I can’t do that at this juncture of the franchise’s timeline. They won a pennant within the last year. If it doesn’t quite rate them a pass as they descend down the drain pipe, it should earn them a bye out of the tournament in which we reflexively rank the worst, most godawful Met episodes, calamities and aggregations we’ve ever experienced. C’mon, I think when I serve as blogger-confessor for my fellow fans’ struggles with their faith (which happens a lot lately), this isn’t good, but lord, we’ve seen worse. I have links to six seasons of genuine disgust if your memory is too short to box with mine.

I’m not aggravated as much as I’m saddened. I’m saddened that the great year of 2015 will not be immediately twinned with a worthy successor. Of all the things 2015 was, it was fun. I literally wrote the book on the 2015 Mets [7], and I don’t think I fully grasped how much fun we were having while we were having it. It keeps coming back to me. In the “one year ago on this date” derby, we’re racing toward the really phenomenal stuff. The Mets go to Colorado and outscore the Rockies 28-18 over two nights, or by exactly as many as the Diamondbacks just outscored the Mets over three. The Mets go to Philadelphia and whack eight homers on a Monday, do infield acrobatics on a Thursday and sweep both games in between besides. The Mets gear up for September like September matters. September mattered. October mattered. A wee bit of November mattered.

Matters at the end of third week of this August aren’t inspiring. Some injured return. Other injured recede. Health seems irrelevant. Moves are made. Few of them click. Schedules are cited as favorable. Losses mount anyway. 2015 fails to replicate. 2016 fails to ignite. 2017…nah, too soon, if only in the chronological sense.

If Billy Loes [8] were still with us, he might glance at the standings and conclude [9], “The second Wild Card is a very good thing. It gives everybody a chance. Just like the WPA.” The 60-62 Mets are 5½ behind the presently Wild Cardinals with 40 to play. They’re closer to the 59-63 Rockies and the 57-66 Phillies than they are to 65-56 St. Loo, though. If we weren’t laser-focused on their status and clinging to an iota of that ’15 feeling, there is little likelihood we’d view the Mets as any kind of contender. If I were an impartial newspaper editor pressed for space, I’d delete the New York line from the National League Playoff Picture box without a second thought.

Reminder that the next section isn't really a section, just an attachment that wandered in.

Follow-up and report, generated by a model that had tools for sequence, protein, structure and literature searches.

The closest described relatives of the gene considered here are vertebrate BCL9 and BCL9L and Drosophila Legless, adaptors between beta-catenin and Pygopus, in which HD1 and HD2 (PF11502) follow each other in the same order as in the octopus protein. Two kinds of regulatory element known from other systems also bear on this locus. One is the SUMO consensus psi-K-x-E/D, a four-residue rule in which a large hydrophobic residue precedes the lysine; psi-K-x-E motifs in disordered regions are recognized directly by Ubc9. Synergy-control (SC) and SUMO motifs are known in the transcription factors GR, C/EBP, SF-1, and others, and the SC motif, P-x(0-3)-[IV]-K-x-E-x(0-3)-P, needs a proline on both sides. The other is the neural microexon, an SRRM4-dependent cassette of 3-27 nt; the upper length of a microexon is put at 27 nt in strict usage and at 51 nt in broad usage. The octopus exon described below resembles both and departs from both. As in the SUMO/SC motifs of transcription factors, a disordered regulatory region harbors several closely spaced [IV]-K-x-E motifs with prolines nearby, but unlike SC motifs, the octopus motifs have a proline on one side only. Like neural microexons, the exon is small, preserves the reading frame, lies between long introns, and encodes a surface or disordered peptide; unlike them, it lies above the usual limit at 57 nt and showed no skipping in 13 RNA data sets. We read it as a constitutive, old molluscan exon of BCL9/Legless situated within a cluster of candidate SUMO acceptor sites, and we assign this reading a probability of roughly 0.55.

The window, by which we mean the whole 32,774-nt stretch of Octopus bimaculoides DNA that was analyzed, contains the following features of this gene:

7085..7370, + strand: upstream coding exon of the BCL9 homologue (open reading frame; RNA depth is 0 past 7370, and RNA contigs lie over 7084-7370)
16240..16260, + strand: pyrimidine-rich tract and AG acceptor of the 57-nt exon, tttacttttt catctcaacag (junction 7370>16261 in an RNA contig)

I’m a highly partisan fan and my virtual X-Acto knife has already pretty much made the cut in my mind. But I’ll watch the next game anyway (of course) and I’ll even allow myself a purposeful peek at the out-of-town scoreboard. Even if you’re certain you already know, you never know.


Apropos of Justin Ruggiano [10]’s grand slam Thursday night and my assertion [11] that you have no business losing when one of your batters does the most he can do with an at-bat, I got curious and combed Baseball Reference to determine whether the Mets have ever benefited from such a turn of fortune. Have they ever come out ahead despite the other team hitting a grand salami? They have! Whereas the Mets have dropped thirteen games in which one of their hitters has brought home the Hebrew National [12], they’ve actually won twenty games in which one of their opponents’ hitters notched four runs on one extraordinary swing. Who knew things sometimes break in the Mets’ favor? It’s a helluva list, too, and I’ll share it with you somewhere down the road when I haven’t spent an entire week awake at hours decent people and frontrunners are sound asleep.